That degree of spikes on A1 looked concerning – possibly enough to cause a malfunction if the scope were showing a true representation of the signal. To get a better look, I needed a better ground lead for the probe. So I soldered a tiny coiled wire to the A1 pin to use as an anchor for the probe, and went back to my spike plus ground coil setup. Then I veeeery carefully applied the probe and took a measurement, without any sparks. This time I didn’t capture D0 or 3.3V, and A1 was on Yellow Ch1:

It’s harder to understand what’s happening here without the D0 trace for reference. There’s still some spiking on A1 during the bus cycle when IOSTROBE is low. This is the moment when Yellowstone’s 245 is enabled and driving the data bus. But the amplitude of the spikes during the bus cycle looks much smaller than before, only reaching about 400 mV at worst. That should probably be OK.

There’s worse spikes on A1 when its value changes, after the bus cycle ends, but I don’t think I can do anything about that since Yellowstone is inactive at this time.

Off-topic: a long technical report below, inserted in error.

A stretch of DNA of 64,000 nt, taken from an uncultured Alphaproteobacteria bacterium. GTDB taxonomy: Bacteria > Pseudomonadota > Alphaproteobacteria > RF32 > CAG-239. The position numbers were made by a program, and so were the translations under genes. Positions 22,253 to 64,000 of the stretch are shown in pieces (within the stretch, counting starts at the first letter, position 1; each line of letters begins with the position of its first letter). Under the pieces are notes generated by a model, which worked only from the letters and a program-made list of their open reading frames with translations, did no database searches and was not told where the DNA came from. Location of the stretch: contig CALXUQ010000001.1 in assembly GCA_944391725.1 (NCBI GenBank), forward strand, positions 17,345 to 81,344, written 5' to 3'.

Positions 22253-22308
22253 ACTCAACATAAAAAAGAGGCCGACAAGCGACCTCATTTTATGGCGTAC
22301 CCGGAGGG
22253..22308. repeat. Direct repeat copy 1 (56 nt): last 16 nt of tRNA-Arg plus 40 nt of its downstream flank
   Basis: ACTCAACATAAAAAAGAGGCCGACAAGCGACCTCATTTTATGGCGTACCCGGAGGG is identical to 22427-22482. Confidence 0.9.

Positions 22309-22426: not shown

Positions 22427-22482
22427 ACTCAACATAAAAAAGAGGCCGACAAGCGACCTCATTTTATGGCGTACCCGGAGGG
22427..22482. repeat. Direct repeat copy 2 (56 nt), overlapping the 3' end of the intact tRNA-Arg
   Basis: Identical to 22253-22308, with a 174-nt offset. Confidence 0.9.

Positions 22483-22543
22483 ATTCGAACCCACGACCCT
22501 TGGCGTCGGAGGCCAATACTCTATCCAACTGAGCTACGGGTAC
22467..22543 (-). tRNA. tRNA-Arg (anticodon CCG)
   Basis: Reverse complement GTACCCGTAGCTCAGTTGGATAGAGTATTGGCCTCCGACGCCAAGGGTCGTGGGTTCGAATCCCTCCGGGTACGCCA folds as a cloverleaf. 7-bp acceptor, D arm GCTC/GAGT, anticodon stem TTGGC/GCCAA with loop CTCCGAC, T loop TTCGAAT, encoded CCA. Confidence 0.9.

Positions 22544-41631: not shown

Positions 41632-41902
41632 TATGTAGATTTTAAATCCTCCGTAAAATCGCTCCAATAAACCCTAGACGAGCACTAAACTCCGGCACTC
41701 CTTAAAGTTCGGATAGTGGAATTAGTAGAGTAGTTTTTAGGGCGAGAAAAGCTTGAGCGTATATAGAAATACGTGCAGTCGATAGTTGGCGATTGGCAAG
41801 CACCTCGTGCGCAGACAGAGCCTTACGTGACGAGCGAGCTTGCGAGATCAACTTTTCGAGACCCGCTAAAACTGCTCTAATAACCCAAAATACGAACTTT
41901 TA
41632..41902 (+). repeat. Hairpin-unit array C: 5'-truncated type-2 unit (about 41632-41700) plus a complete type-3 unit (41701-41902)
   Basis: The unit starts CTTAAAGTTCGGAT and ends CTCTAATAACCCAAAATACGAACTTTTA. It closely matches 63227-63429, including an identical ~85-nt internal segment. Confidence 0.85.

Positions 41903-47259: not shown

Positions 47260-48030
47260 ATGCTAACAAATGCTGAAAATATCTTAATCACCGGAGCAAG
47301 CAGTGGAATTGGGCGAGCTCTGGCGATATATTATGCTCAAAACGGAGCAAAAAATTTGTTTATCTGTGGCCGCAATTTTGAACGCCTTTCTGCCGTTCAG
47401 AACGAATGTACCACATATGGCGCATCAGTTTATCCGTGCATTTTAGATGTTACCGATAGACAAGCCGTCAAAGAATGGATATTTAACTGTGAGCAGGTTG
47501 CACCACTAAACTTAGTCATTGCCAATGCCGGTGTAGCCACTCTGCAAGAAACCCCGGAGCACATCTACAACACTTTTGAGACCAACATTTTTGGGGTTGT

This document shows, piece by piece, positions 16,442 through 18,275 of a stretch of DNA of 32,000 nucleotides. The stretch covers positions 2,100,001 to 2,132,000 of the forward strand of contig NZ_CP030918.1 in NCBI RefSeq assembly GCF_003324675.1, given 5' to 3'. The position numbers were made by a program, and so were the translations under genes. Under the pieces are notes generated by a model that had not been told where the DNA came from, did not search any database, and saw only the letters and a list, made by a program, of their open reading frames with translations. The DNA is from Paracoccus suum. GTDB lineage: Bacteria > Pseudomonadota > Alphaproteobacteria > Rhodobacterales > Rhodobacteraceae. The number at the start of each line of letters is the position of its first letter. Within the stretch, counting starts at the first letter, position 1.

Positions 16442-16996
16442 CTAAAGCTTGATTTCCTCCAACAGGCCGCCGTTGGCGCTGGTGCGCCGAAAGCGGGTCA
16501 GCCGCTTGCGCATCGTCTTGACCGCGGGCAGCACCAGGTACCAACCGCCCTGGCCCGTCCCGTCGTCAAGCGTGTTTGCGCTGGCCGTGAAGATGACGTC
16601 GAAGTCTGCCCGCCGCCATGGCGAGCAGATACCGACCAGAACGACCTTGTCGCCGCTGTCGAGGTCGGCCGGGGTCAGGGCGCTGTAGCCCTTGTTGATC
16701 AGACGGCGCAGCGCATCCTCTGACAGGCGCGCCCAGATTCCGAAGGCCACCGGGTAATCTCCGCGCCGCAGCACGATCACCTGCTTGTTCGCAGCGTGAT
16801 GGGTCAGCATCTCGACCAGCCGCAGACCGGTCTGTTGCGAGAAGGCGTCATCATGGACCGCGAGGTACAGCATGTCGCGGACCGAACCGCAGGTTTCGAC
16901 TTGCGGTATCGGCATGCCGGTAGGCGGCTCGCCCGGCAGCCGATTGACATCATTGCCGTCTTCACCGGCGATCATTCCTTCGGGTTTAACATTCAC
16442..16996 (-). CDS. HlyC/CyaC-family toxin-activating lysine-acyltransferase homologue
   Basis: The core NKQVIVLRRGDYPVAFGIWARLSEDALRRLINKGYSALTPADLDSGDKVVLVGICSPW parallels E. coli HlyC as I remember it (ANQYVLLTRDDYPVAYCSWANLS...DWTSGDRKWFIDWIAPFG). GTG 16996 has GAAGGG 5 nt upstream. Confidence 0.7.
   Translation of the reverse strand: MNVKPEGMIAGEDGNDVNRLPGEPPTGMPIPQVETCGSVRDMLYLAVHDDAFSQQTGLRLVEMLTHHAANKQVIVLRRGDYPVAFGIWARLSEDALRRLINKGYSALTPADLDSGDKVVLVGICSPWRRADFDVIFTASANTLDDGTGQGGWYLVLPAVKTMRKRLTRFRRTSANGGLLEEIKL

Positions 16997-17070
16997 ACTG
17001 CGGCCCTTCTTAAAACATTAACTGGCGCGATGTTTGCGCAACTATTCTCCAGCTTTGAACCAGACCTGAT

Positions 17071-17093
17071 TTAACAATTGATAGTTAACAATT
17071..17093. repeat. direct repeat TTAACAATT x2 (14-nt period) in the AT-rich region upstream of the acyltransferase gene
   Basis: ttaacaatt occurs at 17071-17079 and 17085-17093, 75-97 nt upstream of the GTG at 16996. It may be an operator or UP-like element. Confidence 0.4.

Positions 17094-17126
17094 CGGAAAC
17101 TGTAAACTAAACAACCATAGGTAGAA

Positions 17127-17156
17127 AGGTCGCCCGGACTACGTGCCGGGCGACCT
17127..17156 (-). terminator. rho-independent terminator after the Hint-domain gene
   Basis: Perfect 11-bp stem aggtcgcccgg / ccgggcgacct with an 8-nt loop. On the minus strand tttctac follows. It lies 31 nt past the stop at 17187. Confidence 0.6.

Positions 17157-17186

Using the same probe setup, I took some other measurements of A1 (not shown) outside of Yellowstone bus cycles, during times when the data bus value changes due to something else driving the bus. I observed similar spikes of about +/- 300mV on A1 whenever the data bus changed. I’m not sure what’s causing that, but it seems to be unrelated to anything that Yellowstone is doing.


In short, after taking better measurements with better probe grounding, all the signals looked decently OK.